As global Stop Food Waste Day (April 26) approaches and latest figures show that the average American family wastes nearly $2,000 worth of food a year, Cabosse Naturals is trying to help combat this global issue.

The U.S. is one of the top 10 chocolate-consuming countries in the world, with the average American consuming approximately 10 pounds of chocolate per year, per person.

However, many Americans don't realize that their favorite confectionery comes from the cacaofruit, 70% of which has been wasted once the beans are harvested: as much as 10 million tonnes a year.

Cabosse Naturals has started upcycling this largely undiscovered fruit, creating a range of 100% natural ingredients to be used in food manufacturing in the U.S. from its waste.

While there have been some innovative new products launched containing cacoafruit, Cabosse Naturals says there are several more in the pipeline, enabling Americans to taste cacaofruit for the first time. Candy Industry spoke to Sylvie Woltering-Valat, head of marketing, Cabosse Naturals, to get more information.

Liz Parker: Why did Cabosse Naturals start upcycling cacaofruit?

Sylvie Woltering-Valat: We've started to think about ways to upcycle the cacaofruit, because we realized there is much more to it than just its seeds. Take for example the pulp, it has its own delicious fruity taste that can apply to a wide range of applications. We realized that we were not using the fruit to its fullest potential.

Usually, the cacaofruit is harvested for its seeds to use in the manufacture of chocolate and cocoa products. However, the seeds represent only about 30% of the fruit, meaning that the rest—its pulp and peel—is generally discarded and simply goes to waste. While many Americans won’t be familiar with the cacaofruit, just like an apple or orange, it has its own uniquely fruity and delicious taste.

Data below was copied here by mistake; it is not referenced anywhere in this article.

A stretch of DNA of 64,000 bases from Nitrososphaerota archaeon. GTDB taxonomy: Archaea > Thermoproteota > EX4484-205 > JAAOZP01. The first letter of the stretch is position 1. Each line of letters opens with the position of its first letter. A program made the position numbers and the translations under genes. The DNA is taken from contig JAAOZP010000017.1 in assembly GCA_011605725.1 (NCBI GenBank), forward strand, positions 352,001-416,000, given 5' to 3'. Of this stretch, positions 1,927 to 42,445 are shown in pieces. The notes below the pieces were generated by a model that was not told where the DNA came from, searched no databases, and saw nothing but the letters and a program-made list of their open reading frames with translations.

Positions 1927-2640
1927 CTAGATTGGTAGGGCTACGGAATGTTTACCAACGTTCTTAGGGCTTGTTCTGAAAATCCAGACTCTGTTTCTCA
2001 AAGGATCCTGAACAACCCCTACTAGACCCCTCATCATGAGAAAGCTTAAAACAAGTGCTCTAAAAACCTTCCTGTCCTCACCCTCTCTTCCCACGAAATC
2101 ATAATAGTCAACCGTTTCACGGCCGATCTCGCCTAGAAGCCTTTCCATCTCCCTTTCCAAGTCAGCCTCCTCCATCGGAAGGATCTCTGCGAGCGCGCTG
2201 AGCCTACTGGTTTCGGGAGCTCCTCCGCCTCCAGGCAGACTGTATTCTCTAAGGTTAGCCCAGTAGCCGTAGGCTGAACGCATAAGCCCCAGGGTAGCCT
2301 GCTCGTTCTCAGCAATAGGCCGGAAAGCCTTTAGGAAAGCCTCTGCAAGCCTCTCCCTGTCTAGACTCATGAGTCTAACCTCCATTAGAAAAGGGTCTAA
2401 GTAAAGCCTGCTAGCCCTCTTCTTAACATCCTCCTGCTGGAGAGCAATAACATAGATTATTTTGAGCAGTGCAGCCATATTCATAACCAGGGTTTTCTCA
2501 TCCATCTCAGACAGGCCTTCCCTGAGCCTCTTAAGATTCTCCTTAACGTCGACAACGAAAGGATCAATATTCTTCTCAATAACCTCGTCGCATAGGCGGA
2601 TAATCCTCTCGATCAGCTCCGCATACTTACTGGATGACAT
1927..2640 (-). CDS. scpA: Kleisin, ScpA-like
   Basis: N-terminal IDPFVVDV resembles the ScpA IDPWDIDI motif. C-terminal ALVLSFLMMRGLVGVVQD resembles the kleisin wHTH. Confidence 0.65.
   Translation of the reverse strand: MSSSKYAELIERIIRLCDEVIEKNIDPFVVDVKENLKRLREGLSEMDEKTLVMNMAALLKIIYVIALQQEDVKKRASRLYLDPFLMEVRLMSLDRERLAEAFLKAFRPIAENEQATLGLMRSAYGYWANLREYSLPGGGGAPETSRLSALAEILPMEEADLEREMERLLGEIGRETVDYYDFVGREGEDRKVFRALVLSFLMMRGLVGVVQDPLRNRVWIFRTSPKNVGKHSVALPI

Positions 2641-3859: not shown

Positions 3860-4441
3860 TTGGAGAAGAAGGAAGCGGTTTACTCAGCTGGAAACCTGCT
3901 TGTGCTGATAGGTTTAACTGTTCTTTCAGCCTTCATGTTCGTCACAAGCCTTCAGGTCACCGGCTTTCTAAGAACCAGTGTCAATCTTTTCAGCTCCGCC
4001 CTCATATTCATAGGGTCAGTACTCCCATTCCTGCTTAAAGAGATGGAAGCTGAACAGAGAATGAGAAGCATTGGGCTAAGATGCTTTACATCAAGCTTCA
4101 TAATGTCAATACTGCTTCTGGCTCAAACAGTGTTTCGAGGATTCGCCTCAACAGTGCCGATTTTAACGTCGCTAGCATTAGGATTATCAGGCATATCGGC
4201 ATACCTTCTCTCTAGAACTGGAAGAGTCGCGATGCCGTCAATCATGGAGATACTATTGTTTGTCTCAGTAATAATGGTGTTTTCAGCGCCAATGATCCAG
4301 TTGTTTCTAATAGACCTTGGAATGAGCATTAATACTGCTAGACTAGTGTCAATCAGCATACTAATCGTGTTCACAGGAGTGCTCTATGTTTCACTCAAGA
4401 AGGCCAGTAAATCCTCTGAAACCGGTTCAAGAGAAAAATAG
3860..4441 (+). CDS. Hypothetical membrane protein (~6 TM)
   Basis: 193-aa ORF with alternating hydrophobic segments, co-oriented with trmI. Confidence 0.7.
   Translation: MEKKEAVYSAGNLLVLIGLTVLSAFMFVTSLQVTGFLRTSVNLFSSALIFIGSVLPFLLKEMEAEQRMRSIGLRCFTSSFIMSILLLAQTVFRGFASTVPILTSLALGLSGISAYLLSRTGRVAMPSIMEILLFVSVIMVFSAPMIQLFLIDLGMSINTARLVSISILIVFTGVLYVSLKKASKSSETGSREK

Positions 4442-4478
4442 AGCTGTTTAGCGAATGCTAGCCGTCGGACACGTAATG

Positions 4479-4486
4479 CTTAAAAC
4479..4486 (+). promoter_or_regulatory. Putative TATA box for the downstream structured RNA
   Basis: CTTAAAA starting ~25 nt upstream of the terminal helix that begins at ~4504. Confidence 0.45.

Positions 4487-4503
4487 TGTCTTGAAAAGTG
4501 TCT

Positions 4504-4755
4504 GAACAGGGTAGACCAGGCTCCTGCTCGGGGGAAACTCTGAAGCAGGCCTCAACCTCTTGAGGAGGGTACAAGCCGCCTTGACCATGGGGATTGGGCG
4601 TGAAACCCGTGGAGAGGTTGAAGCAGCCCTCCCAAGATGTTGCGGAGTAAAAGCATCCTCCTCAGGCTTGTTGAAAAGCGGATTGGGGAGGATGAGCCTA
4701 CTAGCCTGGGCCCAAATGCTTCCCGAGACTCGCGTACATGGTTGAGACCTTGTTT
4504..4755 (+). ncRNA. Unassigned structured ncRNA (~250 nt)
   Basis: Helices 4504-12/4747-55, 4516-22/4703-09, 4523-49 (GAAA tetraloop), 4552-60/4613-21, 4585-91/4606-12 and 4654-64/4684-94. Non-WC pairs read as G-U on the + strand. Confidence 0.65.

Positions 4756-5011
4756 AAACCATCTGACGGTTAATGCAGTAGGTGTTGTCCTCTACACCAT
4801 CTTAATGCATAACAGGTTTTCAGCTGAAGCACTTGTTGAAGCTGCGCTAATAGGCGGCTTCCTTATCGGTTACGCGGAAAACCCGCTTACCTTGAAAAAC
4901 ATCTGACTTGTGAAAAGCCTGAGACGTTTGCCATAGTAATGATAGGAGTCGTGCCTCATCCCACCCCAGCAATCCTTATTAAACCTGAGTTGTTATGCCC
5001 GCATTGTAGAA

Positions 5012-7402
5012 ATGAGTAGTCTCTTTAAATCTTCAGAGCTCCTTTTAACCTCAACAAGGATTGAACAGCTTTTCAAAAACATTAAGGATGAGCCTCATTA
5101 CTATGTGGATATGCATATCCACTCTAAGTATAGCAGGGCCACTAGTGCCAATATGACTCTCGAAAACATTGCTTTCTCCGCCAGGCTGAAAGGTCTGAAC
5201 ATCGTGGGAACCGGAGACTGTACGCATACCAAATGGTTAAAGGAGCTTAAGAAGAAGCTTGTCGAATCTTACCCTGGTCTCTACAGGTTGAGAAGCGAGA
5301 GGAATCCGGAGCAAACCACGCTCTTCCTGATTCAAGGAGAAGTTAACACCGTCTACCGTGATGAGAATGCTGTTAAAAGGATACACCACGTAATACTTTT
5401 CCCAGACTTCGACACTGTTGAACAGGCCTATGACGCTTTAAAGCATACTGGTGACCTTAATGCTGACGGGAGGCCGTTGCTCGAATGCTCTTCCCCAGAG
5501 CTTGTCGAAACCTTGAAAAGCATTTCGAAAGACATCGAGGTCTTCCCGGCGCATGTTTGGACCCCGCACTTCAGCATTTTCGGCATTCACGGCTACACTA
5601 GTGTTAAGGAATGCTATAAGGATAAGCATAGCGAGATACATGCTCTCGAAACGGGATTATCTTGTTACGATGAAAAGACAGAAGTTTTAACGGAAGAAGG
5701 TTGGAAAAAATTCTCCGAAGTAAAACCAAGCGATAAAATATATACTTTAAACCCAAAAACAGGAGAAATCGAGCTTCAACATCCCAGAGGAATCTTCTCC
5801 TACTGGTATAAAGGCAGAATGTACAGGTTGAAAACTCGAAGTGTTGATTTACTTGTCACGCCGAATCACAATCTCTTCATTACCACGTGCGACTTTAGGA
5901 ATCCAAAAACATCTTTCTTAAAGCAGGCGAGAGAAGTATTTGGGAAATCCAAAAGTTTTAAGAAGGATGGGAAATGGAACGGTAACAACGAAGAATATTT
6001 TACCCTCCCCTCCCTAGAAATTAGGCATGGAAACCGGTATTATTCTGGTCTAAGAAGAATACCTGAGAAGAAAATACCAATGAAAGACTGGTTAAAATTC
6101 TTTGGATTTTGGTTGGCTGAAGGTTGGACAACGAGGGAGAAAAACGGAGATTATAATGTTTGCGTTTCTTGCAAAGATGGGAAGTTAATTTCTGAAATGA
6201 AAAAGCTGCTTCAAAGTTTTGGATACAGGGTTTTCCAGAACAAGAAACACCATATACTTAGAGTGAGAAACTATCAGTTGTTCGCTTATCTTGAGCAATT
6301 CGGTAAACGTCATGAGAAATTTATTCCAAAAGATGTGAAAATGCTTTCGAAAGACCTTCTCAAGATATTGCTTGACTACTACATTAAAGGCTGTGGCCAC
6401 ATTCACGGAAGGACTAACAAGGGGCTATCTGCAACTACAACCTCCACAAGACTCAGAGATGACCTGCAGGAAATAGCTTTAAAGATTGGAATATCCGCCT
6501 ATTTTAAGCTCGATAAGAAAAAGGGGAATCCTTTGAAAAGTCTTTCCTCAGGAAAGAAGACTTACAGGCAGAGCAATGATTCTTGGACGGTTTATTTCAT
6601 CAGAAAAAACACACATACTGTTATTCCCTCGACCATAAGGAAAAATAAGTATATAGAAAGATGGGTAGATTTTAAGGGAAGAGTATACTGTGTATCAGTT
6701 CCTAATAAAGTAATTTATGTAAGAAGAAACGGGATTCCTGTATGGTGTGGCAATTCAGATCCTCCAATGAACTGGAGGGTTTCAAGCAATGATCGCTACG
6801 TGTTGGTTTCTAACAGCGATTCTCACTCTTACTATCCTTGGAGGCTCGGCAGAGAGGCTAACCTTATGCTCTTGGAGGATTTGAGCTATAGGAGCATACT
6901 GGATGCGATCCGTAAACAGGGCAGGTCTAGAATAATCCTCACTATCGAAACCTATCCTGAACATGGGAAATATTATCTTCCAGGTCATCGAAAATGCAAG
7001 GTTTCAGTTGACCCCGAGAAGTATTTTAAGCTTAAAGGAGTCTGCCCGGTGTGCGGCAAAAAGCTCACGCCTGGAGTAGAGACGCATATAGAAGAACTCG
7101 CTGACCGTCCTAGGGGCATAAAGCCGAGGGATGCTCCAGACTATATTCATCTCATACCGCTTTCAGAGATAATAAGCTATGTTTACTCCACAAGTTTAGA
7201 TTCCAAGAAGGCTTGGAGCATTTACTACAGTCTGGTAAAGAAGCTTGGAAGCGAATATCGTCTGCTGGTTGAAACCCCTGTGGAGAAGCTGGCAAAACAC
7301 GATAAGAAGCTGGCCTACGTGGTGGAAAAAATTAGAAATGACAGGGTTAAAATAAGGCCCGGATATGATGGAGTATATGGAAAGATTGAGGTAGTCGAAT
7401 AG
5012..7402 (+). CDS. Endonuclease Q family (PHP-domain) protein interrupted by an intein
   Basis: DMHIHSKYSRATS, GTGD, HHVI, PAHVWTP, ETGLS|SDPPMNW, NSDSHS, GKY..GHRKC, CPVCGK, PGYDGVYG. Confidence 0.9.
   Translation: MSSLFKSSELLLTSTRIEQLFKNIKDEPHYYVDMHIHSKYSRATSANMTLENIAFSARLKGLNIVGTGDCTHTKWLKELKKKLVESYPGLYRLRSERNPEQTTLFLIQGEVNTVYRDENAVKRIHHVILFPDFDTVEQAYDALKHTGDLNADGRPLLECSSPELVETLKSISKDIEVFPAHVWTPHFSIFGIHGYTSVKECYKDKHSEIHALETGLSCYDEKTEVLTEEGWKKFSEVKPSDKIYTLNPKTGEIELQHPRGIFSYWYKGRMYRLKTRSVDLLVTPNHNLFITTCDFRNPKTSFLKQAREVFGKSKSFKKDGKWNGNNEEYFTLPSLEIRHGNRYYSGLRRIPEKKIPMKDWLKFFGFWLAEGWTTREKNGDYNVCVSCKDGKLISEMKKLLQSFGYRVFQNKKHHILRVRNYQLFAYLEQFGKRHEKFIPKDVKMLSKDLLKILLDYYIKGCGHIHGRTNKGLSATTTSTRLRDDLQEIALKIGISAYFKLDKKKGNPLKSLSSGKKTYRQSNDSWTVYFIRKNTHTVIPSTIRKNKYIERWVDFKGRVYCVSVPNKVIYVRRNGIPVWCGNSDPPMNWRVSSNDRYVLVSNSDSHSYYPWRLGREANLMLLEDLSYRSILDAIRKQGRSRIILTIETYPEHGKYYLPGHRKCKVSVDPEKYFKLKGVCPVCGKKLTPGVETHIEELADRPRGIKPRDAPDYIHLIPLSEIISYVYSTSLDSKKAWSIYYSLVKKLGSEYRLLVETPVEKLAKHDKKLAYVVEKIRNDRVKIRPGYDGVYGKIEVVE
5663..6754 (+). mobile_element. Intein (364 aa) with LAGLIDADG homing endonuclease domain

About 14 million tons of cacaofruit are harvested around the world annually, but up to 70% of the cacaofruit has been thrown away —that’s as much as 10 million tons a year.

We know that preventing food waste is the single greatest way of fighting climate change. In fact, if all harvested cacaofruit was used to its fullest, it would reduce the same amount of CO2 as planting 3.5 billion trees per year. That’s an area almost as vast as Texas and Kansas combined. Reason for us to start to lead the way.

LP: How did this create a range of 100% natural ingredients?

SWV: For years we’ve been working on creating a robust supply chain to harness the natural richness of this largely unused fruit. To preserve the fresh taste and nutrients of the fruit, we operate within a short window of four hours between the moment we open the fruit and upcycle the rest of the fruit into a range of 100% pure cacaofruit ingredients—juice, pulp, concentrate, and powder—which can be used in a number of ways in food and drink manufacture.

The cacaofruit pulp has a clean, fresh white color and a sweet scent of honey. With its pleasant zesty fruity flavor, it has a refreshing signature taste that brings natural sweetness and refreshing notes when used in drinks and snacks.

The juice has a zesty fruitiness, making it a refreshing fruit base for a large range of beverages, including functional beverages, ready to drink teas, coffees and even beers and kombuchas. It has a light yellow color with a fruity scent and naturally contains magnesium, potassium and antioxidants. It brings a deliciously exotic flavor to drinks.

Characterized by its golden brown color and a fruity honey scent, the concentrate is 100% pure and free from sweeteners, additives and preservatives. It adds an intense fruity sweetness and a signature flavor wherever used.


LP: What new products have recently been launched containing cacaofruit?

SWV: Some pioneering US brands have already seized the cacaofruit trend, including BevCacao who sells it at Walmart.

LP: Are there any new ones coming out soon, too?

SWV: There has been demand and interest in this new category and we predict more new and exciting products containing upcycled cacaofruit ingredients will come to the market in the next year.


LP: Why is 70% of the cacaofruit wasted once the beans are harvested?

SWV: For centuries the industry has focused on the seeds for the chocolate and cocoa production and overtime the association with the fruit has been lost. Processing the pulp and peel requires a different supply chain, where speed of processing is of essence to preserve the fresh aromas and nutrients of the fruit.

LP: Is there any way to use more of the cacaofruit—for example, in these new products?

SWV: Yes, absolutely. The sweet and fruity taste of the cacaofruit lends itself well to a range of snacks, confectionery and beverages, which we hope Americans will discover and enjoy, just like other countries are also beginning to do.

For example, in Belgium, craft beer Acan already contains upcycled cacaofruit ingredients, as do Kiukiu, a cocktail/mocktail drink and Altsternative, a non-alcoholic beer in Germany. Godiva Cafes in Japan offer a selection of cacaofruit sodas, and energy drink Kayu in the UK and Waitrose Wholefruit No. 1 chocolate, also in the UK. In Italy, Rogelfrut made a gelato of the cacaofruit too.